Since I always wanted to visit Japan, I thought it would be a great way to conclude my Data Science studies by going abroad to Tokyo. I’m even considering returning to Tokyo later to work here, so participating in the bootcamp provides a good preview of what my life could be like.

Do you have any tips to make the most of a study & leisure trip to Tokyo?

Since Data Science bootcamp is both intellectually challenging and demanding in terms of workload, I don’t usually socialize during weekday evenings, although I occasionally take a break when I need some fresh air. It’s important to stay on top of the coursework throughout the week to allow for some free time on the weekends.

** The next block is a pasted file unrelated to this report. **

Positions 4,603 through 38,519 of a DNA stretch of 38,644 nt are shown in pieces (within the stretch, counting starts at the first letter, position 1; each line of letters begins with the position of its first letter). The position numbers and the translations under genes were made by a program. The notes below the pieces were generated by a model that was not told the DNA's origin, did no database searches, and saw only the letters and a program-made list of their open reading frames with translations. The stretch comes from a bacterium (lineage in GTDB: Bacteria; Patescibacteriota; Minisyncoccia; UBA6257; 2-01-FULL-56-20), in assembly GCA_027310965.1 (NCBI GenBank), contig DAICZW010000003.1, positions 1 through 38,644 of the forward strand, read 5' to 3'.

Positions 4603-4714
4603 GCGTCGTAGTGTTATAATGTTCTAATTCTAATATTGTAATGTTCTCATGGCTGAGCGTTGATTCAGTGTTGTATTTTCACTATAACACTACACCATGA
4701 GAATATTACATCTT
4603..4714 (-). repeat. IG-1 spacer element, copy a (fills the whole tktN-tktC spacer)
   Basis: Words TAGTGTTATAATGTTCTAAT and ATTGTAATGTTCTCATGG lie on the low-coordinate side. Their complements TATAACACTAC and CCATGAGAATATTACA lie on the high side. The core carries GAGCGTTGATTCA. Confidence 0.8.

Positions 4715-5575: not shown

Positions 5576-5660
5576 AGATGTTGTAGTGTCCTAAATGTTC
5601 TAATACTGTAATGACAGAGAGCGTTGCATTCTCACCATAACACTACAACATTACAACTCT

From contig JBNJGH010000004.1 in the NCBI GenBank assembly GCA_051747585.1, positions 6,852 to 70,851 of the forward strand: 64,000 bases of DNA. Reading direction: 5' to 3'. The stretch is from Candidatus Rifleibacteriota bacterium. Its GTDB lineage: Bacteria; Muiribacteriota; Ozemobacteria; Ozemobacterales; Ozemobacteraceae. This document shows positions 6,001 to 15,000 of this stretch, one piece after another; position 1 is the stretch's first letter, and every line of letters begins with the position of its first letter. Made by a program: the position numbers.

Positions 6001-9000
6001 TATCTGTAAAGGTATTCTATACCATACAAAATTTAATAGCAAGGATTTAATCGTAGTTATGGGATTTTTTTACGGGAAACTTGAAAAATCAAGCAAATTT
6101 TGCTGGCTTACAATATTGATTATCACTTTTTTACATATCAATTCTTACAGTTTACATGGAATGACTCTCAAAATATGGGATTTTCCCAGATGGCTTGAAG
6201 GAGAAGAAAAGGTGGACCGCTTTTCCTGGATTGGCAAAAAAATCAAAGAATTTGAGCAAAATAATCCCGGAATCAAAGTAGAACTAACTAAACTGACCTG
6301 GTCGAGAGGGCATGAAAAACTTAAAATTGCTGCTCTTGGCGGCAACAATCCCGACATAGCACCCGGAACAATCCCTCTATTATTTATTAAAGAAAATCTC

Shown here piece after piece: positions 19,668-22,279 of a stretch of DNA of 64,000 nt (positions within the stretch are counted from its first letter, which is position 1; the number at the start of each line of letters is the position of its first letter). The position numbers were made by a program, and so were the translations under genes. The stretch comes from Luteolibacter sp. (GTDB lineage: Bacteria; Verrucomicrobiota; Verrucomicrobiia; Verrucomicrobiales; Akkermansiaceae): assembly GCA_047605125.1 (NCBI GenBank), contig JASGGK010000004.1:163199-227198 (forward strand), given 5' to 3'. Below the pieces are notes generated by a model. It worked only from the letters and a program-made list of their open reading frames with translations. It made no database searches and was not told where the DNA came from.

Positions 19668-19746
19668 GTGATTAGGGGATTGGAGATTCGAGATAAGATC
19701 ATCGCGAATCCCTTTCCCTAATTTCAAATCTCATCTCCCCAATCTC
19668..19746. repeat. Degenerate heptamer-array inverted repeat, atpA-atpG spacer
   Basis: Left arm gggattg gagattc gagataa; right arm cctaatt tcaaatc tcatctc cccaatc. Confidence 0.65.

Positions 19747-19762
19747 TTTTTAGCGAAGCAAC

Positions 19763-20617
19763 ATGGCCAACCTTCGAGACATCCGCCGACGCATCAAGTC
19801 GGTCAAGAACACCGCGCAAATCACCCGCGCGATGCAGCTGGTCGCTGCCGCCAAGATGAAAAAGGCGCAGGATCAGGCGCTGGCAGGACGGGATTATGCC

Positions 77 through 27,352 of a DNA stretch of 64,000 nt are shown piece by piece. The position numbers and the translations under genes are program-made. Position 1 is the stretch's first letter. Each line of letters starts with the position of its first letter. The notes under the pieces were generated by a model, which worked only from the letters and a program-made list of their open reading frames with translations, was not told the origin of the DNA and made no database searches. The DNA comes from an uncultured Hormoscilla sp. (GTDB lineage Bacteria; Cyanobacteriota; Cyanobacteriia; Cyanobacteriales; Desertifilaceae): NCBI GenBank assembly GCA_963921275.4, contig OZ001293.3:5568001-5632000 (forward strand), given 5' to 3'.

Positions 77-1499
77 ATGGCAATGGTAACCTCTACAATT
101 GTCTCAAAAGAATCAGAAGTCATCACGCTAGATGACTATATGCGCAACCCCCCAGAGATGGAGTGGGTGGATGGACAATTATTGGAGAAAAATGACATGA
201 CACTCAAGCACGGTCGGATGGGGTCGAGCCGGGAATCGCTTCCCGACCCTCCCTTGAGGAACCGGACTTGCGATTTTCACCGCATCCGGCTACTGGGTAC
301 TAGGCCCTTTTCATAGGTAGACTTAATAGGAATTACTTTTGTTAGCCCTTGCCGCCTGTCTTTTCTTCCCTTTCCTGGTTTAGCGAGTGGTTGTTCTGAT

If you’re looking to budget your expenses in Tokyo, a good resource is Tokyo Cheapo (https://tokyocheapo.com/) or browsing places you want to visit to get an idea of prices. You can also find weekend escape ideas on social media and Google, such as day trips to Mount Takao or Kamakura, a two-day trip to Mount Fuji, or other destinations like Hakone or the Pacific Ocean coast. Additionally, you can discover hidden gems by following Japanese friends or locals; for instance, Masafumi, another Le Wagon web development student, took a few of us to Akigawa river near Akiruno, which was lovely. One last thing to note is that while Tokyo can be expensive, it’s worth spending a weekend at a peaceful ryokan like Hakone, which comes highly recommended.

Lastly, I recommend buying travel guides for anyone visiting Japan or even just exploring Tokyo for the weekend. The Lonely Planet guides are helpful, but I highly recommend “Tokyo Like a Local” by Eyewitness; it’s an excellent guide with a 100% hit rate for all of the recommended addresses that I’ve tried so far.


Hippolyte and Markus, Tokyo

What are your plans after graduating from the bootcamp?